Meanwhile, what was known as the AMBG adopted a new identity as the Business Members Board of Governors (BMBG). When Bill Millar became president of APTA, the BMBG became increasingly more recognized as a vital role in the governance of the association. Representation on the Executive Committee was increased to three, a vice president position was opened to a business member, but business members were limited to sharing equally with the public sector in allotted positions, but not the chairmanship of APTA.
When Bill Millar announced his retirement, little did anyone think that a new president would be drawn from within APTA and certainly, in no way a member of the BMBG. After all the years of resisting business members from sharing in the governing structure of APTA, they made a giant leap and drew from the ranks of the BMBG business members by selecting Michael Melaniphy for the top position of APTA.
A remarkable achievement has been made by business members, but APTA is still the major public transportation association representing all public transportation agencies throughout the United States. Transit manufacturers, suppliers, consultants, and public transportation supporters are for good reason openly welcomed to APTA and encouraged to become fully involved. The position of president of APTA is a bonus that was never dreamed of.
As an experienced designer of streetcar systems, one question I am frequently asked is, "Can a streetcar _____?" The blanks are usually filled with design challenges, such as "turn left from a curb lane", or "go under a low clearance underpass" or "operate at higher speeds and frequencies." More often than not, the answer is YES! Modern streetcar systems, such as those operating in Seattle, Tucson, and Atlanta, are modeled after European trams that are designed to fit within tight, complex, and built-out urban environments. The unique combination of vehicle's size coupled with the ability to operate in the same lanes as automobiles, trucks, and buses allow designers to create safe, efficient solutions to nearly every design challenge that arises.
At the Denton County (Texas) Transportation Authority (DCTA), we’re constantly looking for unique ways to engage with passengers, generate brand awareness and increase ridership. This year with Valentine’s Day being on a Saturday, we saw a great opportunity to launch a campaign in which passengers could ride DCTA’s A-train commuter rail and Connect Bus for free on Valentine’s Day all day by saying “Be Mine” to the agency’s rail and bus operators. With low-trending ridership in February, we needed to find a way to increase ridership and brand awareness within Denton County and surrounding cities. Launching the Valentine’s Day promotion definitely would help us achieve this.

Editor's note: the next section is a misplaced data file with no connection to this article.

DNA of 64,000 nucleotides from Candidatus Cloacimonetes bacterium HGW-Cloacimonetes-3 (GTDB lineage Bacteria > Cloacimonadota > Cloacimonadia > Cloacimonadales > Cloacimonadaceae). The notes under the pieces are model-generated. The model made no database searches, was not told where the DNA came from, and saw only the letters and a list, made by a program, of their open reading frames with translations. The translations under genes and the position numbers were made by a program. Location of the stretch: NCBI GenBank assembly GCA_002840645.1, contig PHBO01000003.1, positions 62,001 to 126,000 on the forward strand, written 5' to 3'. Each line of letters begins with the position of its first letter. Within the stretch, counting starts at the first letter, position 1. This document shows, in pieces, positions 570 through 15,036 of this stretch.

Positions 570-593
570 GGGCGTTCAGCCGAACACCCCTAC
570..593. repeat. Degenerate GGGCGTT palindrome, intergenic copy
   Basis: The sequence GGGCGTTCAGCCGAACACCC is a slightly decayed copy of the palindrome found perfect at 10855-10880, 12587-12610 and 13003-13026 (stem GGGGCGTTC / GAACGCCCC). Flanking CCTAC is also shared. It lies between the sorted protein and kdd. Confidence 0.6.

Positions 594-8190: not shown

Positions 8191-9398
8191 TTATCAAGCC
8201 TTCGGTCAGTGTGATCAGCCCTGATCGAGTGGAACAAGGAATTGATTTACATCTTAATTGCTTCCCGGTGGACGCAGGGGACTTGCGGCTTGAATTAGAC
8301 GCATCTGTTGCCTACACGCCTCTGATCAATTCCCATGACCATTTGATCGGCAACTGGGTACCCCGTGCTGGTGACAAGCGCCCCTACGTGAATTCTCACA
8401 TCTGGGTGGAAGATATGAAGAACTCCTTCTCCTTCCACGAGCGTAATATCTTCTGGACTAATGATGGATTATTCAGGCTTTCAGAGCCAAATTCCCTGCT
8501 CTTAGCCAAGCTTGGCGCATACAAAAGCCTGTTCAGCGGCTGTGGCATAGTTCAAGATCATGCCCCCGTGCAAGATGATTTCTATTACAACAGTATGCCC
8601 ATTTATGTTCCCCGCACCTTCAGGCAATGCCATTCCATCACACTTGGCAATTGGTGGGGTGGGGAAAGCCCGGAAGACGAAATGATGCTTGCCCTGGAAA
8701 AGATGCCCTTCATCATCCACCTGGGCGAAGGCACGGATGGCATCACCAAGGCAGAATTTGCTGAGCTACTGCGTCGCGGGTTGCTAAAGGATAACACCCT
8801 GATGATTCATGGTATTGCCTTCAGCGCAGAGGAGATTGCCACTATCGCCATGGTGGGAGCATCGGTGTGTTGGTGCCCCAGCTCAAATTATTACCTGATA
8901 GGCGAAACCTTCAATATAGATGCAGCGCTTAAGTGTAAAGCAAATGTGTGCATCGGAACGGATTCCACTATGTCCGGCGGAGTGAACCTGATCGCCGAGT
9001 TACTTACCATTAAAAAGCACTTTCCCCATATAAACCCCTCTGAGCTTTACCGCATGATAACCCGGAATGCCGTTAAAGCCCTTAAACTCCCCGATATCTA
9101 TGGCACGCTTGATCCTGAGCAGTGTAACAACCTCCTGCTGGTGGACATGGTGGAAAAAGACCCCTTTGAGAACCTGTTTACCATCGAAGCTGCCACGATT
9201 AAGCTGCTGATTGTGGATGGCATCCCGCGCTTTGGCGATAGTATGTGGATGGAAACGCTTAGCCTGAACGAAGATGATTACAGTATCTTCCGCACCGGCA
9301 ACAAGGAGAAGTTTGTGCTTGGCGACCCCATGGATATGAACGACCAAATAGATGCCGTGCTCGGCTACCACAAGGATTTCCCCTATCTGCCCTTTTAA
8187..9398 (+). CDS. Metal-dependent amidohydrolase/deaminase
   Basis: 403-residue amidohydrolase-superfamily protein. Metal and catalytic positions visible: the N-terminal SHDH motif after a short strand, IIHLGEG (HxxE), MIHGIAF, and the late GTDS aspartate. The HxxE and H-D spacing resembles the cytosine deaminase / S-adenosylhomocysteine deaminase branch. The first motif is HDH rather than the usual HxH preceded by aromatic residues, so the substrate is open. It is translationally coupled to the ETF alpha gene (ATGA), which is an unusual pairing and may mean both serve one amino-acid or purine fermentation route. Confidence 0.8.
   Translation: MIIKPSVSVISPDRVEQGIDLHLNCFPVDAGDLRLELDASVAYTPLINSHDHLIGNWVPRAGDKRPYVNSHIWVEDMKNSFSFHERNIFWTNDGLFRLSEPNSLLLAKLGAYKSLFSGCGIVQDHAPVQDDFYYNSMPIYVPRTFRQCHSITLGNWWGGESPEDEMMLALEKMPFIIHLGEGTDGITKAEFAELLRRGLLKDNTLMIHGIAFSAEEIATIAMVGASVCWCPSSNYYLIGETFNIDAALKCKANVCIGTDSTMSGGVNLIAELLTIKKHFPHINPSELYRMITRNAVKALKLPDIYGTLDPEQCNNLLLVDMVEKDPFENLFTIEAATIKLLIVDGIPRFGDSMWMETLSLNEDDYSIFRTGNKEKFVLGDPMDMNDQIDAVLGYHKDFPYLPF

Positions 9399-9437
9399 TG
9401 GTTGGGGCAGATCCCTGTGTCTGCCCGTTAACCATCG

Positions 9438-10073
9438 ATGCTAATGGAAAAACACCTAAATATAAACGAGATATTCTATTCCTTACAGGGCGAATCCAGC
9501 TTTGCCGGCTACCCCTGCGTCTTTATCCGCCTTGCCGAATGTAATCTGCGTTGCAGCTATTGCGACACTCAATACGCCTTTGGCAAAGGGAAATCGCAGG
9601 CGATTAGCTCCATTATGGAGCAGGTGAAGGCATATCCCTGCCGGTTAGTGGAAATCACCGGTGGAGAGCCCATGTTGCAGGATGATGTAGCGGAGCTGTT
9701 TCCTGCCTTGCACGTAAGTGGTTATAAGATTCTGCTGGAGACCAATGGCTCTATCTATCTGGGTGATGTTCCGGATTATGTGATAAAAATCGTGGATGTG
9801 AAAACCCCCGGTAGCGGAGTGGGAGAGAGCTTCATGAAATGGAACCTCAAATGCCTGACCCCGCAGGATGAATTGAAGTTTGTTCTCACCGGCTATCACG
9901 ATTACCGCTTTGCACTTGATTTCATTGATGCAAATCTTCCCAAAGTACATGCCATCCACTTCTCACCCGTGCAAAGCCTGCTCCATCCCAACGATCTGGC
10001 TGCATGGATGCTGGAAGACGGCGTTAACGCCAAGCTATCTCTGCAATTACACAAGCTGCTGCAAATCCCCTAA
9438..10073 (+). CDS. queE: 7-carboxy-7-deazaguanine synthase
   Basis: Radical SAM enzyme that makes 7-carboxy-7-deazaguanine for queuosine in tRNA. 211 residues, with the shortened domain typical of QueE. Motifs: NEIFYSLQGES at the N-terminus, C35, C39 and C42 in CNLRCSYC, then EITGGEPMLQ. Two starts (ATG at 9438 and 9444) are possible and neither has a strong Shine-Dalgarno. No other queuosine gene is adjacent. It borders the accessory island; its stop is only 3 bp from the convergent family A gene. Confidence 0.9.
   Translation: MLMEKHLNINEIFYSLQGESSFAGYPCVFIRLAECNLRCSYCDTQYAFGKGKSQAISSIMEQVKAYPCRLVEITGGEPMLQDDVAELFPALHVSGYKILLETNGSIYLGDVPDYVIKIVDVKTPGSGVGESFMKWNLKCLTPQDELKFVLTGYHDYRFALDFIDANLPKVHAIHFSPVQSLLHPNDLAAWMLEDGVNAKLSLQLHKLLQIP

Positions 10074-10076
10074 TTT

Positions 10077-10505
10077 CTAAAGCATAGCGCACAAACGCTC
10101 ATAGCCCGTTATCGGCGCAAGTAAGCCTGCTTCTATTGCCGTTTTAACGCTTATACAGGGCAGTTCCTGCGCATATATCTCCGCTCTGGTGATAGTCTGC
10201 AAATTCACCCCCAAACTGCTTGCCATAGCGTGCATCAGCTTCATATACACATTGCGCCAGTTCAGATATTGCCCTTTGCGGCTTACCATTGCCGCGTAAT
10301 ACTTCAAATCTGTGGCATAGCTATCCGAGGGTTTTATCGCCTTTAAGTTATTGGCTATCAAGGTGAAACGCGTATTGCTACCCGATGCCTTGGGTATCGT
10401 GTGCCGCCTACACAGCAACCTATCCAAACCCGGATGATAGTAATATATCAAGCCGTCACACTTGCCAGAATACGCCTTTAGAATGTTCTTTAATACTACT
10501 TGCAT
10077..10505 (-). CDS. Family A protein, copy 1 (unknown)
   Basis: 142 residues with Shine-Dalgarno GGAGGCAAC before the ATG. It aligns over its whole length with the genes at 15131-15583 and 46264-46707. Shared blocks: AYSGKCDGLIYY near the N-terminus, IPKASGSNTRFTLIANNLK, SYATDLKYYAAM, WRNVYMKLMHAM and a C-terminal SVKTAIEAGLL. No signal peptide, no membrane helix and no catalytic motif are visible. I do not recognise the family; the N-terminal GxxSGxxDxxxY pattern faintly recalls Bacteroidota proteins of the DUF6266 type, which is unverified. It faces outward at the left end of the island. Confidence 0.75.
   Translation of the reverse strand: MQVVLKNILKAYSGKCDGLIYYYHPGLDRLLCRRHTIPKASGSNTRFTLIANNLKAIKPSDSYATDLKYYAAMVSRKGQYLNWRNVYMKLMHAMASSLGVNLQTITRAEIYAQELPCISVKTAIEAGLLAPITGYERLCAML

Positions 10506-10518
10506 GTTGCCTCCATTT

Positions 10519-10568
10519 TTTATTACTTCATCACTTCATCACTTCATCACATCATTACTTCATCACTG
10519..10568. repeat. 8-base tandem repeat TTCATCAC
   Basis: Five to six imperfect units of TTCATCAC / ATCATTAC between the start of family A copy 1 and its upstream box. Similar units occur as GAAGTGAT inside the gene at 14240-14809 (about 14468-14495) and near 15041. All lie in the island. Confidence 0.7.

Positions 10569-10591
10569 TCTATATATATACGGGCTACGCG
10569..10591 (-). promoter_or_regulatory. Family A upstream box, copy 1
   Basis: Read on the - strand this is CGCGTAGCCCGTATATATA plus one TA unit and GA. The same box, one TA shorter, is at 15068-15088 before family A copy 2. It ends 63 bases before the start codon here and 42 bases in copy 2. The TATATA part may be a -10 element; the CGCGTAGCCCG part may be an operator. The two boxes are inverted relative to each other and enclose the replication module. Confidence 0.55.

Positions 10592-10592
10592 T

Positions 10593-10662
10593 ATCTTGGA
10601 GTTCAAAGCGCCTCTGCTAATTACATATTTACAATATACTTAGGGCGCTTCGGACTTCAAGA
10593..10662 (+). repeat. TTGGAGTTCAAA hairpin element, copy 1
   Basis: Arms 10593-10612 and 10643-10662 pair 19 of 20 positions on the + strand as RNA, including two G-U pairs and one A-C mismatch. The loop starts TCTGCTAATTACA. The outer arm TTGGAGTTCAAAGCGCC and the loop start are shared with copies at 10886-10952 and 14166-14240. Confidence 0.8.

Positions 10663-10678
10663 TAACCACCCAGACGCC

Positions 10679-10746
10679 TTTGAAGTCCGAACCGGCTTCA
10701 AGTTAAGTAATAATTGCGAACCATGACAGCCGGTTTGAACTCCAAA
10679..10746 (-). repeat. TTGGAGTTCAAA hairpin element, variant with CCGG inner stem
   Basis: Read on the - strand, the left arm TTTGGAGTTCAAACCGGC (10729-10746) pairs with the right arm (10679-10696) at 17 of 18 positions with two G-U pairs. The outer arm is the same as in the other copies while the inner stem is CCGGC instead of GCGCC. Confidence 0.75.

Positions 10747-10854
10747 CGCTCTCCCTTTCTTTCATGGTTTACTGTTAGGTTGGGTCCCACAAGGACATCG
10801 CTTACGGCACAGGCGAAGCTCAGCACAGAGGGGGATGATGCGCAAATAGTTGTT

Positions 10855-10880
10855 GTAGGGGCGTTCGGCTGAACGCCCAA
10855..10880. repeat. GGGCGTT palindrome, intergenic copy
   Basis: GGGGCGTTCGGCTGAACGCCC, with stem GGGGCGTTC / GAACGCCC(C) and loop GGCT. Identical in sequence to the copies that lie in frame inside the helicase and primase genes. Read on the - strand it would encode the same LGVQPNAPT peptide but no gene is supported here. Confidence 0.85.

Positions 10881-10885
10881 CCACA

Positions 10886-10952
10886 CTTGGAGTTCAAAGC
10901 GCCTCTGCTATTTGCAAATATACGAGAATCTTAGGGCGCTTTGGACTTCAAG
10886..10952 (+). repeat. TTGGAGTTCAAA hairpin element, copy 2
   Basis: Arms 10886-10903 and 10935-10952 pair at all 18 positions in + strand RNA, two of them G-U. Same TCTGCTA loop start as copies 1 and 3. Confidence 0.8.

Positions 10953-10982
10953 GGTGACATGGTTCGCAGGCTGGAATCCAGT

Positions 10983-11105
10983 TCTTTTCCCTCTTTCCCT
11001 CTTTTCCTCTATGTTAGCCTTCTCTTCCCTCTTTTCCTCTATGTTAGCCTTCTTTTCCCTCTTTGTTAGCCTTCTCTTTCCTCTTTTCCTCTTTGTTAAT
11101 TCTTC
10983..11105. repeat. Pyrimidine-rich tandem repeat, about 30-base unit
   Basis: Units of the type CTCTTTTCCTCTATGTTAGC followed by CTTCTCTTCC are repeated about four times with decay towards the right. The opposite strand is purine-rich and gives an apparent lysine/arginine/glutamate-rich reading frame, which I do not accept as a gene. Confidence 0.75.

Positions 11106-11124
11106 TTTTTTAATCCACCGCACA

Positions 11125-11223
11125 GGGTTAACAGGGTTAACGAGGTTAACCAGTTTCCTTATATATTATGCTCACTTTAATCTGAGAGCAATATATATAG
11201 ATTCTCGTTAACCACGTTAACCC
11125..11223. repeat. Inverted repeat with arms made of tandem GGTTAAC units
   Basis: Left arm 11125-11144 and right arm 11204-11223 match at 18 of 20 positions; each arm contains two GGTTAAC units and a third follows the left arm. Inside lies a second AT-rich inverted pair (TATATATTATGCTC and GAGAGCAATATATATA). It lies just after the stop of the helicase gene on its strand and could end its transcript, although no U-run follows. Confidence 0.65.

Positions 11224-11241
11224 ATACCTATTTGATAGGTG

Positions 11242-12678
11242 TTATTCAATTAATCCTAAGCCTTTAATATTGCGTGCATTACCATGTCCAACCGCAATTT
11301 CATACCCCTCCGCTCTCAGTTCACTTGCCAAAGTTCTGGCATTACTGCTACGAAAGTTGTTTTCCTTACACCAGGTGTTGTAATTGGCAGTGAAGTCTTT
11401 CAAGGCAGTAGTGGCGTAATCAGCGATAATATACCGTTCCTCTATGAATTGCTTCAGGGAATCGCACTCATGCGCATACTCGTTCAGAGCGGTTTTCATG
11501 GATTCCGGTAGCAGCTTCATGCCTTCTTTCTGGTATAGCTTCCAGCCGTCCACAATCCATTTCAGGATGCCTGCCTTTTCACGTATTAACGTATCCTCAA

Seeing a canine passenger on mass transit is not uncommon, but the reasons why a dog might catch the train or hop a bus are varied (remember Eclipse, the Seattle Lab mix that uses the bus, often on her own, to get to the dog park?). Most public transit pooches are working —as K-9 officers or service animals. In the Philadelphia region, other animals — in approved carriers only—are permitted to ride the Southeastern Pennsylvania Transportation Authority’s buses, trains and trolleys. However, a new pilot program underway by SEPTA allows registered therapy dogs volunteering at two Philadelphia hospitals to use two designated bus routes to travel to their sites.
To be sure, there is no substitute for offering high-quality bus or rail transit service, but many transit agencies skimp when it comes to marketing, outreach, and education and, as a result, the public often has no idea how good the service may actually be. Buses also have an image problem in many communities, which proper marketing could help address. Witness the huge sums spent by automakers in crafting the image of their automobiles.
The Uber website proudly states that, “Uber is evolving the way the world moves. By seamlessly connecting riders to drivers through our apps, we make cities more accessible, opening up more possibilities for riders and more business for drivers. From our founding in 2009 to our launches in over 200 cities today, Uber's rapidly expanding global presence continues to bring people and their cities closer.” Such hype is common on corporate websites, but when the braggadocio is backed up by an article in the Wall Street Journal that discloses a valuation of $41 billion their ambitious words take on relevance.